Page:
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This is written in the book 'Treatise on Thermodynamics' by Max Plank-

the crossing of the critical temperature at any pressure other than the critical pressure differs in no way from the crossing of any other temperature.

But from the phase diagram of the states, it seems that if we change the temperature at a pressure greater than the critical pressure, then on crossing the critical temperature the gas will liquify where as crossing at other temperatures the gaseous state won't change. So is the statement in the book wrong?

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    $\begingroup$ No, the book's statement is correct. If the temperature is below the critical temperature then the critical pressure won't be needed to liquefy the gas. If the temperature is above the critical temperature then no pressure will liquefy the gas. Only at the critical temperature is the critical pressure needed. $\endgroup$ – MaxW Jun 26 at 7:39
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At the critical temperature/pressure, all properties of liquid and gaseous phase mutually converge to the same values. There is just one phase at these temperatures, neither liquid, neither gas. Or, both at the same time.

Changing pressure at temperature above the critical temperature causes continuous changes of the supercritical phase properties without the edge of the gas/liquid phase transition.

Changing temperature at pressure above the critical pressure causes continuous changes of the supercritical phase properties without the edge of the gas/liquid phase transition.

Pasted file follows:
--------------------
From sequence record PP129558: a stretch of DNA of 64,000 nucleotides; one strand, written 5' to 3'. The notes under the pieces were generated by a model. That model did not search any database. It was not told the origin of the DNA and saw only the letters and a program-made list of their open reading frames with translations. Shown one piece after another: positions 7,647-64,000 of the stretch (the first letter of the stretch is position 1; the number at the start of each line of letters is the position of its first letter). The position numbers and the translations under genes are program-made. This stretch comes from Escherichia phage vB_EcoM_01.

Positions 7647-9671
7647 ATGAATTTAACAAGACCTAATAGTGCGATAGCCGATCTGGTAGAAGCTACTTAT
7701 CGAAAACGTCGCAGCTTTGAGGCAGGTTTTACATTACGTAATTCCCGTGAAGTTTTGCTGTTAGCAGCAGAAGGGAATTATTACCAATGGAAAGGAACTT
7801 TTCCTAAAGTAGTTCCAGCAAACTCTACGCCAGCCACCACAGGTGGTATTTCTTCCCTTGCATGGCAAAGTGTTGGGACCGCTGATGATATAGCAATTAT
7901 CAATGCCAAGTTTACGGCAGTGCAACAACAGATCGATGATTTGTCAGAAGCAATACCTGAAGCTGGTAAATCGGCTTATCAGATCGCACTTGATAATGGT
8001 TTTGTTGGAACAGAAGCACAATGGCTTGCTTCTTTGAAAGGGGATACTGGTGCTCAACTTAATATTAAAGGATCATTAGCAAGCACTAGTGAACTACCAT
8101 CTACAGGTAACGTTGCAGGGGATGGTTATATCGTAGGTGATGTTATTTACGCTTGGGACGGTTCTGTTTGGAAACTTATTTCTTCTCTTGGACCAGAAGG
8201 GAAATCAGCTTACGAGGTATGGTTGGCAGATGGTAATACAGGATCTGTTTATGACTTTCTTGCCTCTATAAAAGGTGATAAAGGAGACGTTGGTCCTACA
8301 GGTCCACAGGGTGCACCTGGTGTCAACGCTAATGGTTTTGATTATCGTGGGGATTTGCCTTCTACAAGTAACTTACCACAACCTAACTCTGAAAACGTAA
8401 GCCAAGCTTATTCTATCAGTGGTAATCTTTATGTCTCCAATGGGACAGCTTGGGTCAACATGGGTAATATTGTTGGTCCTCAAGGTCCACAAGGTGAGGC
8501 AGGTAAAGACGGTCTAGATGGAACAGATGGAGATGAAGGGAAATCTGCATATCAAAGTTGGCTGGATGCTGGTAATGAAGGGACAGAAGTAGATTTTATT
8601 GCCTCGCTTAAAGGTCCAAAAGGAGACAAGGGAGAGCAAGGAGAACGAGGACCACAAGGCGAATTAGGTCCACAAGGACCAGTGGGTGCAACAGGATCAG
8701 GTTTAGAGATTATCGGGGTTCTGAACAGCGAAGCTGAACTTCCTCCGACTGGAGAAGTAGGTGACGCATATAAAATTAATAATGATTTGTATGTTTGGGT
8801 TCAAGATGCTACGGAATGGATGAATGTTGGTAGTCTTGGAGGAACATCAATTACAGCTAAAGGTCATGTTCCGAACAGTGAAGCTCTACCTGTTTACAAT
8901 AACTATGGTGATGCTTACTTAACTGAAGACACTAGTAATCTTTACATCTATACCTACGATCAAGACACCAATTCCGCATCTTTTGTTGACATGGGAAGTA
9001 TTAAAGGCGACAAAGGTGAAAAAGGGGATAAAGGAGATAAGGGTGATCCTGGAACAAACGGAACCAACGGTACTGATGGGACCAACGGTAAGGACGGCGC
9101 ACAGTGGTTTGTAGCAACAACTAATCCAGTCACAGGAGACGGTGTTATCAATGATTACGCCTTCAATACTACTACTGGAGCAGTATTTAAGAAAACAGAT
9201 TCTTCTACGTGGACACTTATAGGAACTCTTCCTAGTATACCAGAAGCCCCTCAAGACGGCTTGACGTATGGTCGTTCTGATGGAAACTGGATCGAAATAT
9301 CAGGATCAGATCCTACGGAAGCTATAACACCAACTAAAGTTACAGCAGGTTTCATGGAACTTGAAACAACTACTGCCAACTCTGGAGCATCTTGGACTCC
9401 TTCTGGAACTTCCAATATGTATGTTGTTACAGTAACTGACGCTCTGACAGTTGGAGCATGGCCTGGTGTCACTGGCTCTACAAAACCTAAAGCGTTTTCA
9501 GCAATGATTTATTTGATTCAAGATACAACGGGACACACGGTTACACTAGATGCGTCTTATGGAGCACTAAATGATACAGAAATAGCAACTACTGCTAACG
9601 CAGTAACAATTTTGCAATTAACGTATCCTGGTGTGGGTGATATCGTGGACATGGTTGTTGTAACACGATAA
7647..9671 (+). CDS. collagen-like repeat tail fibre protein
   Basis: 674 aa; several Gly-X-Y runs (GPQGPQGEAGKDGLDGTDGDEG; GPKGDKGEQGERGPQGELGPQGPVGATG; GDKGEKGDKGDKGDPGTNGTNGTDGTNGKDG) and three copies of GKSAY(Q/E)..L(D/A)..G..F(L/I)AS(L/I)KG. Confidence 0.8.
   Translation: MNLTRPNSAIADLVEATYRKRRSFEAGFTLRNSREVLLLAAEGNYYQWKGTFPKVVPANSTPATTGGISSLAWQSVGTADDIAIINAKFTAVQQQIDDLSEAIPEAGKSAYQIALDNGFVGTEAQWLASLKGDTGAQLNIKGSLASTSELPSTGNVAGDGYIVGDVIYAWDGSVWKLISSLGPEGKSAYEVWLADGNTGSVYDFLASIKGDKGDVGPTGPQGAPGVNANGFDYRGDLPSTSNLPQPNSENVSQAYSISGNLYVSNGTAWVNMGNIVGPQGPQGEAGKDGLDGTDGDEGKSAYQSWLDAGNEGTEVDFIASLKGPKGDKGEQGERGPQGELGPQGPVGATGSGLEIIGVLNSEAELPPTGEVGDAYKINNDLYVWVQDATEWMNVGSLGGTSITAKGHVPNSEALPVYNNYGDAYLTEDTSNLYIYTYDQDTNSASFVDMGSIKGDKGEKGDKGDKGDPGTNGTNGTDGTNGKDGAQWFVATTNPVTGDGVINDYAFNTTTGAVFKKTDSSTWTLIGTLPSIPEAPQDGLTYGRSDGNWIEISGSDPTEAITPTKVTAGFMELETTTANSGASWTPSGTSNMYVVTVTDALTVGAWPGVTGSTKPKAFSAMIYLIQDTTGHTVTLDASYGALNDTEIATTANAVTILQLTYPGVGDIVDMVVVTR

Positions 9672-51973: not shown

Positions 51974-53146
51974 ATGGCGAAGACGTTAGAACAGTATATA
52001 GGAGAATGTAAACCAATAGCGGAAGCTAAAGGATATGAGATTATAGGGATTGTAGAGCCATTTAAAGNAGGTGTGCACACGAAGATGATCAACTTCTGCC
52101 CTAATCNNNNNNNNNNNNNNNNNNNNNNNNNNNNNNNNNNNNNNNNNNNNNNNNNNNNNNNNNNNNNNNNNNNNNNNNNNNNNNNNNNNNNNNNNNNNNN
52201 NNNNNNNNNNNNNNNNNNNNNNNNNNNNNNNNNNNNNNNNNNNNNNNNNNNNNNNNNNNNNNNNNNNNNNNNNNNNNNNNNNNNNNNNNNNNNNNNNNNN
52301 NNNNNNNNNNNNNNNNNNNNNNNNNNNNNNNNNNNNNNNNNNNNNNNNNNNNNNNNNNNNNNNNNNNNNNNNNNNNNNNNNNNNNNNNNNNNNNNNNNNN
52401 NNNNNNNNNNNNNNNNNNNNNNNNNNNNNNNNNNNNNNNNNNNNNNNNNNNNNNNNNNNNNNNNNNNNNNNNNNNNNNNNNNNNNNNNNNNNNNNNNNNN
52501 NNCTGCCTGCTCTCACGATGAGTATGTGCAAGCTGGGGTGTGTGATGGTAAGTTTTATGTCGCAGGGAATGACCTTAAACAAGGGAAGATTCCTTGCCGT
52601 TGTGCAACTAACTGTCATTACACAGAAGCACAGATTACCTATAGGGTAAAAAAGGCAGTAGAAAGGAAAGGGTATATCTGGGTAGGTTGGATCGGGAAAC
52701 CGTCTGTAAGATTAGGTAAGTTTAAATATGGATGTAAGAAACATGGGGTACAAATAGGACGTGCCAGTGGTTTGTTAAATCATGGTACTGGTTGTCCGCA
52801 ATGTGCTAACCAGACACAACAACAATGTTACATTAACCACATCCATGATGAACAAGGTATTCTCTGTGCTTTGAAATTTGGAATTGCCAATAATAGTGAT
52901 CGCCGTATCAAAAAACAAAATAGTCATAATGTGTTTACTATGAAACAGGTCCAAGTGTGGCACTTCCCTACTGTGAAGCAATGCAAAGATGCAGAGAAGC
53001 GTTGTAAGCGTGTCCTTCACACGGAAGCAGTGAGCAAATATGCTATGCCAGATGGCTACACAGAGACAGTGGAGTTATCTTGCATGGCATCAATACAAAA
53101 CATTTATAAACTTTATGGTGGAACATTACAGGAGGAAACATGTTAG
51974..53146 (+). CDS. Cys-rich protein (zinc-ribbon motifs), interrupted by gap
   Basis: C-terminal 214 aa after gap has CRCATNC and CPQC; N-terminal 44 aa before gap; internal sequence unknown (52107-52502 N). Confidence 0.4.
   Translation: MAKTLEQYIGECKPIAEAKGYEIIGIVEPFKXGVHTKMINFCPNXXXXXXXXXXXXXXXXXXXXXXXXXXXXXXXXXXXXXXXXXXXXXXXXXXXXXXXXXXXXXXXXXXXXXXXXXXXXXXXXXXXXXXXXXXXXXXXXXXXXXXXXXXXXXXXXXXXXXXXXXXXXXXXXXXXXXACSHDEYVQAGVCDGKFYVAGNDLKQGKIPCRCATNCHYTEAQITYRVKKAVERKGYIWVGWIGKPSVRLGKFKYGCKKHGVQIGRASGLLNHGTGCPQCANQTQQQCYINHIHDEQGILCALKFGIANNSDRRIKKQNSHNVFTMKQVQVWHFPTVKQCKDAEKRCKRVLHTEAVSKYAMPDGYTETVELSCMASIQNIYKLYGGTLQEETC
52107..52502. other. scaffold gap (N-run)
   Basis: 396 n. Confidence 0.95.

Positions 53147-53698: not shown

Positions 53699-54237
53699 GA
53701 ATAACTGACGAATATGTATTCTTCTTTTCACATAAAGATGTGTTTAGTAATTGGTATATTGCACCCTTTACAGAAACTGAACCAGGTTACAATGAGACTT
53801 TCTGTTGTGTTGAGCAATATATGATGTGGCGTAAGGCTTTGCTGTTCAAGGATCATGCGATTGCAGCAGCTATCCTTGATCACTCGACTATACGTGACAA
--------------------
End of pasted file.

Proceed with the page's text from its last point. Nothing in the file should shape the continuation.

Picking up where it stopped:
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What they refer to is how properties such as density and viscosity change when you pass through the critical point.

Say you have water initially at 25°C under one atmosphere pressure. You heat it up and, of course, it boils into steam at 100°C. During the boiling process the density and viscosity drop discontinuously from those values for the liquid to the values for the gas, but once you have formed steam any further changes become continuous and at a finite rate. That includes reaching the critical temperature of 374°C, which really isn't critical at all unless you are also at the critical pressure of 218 atmospheres.

So, now try the same experiment but with 218 atmospheres (ctitical) pressure so that the water "boils" at the critical temperature of 374°C. Now you find the density and viscosity decreasing continuously, with no apparent break due to any phase change. But, at precisely the critical point, those properties are momentarily dropping at an infinite rate, much like the cube root of a number dropping at an infinite rate when the number passes through zero. The critical point is the one point where you get this infinite rate of change within a single phase.

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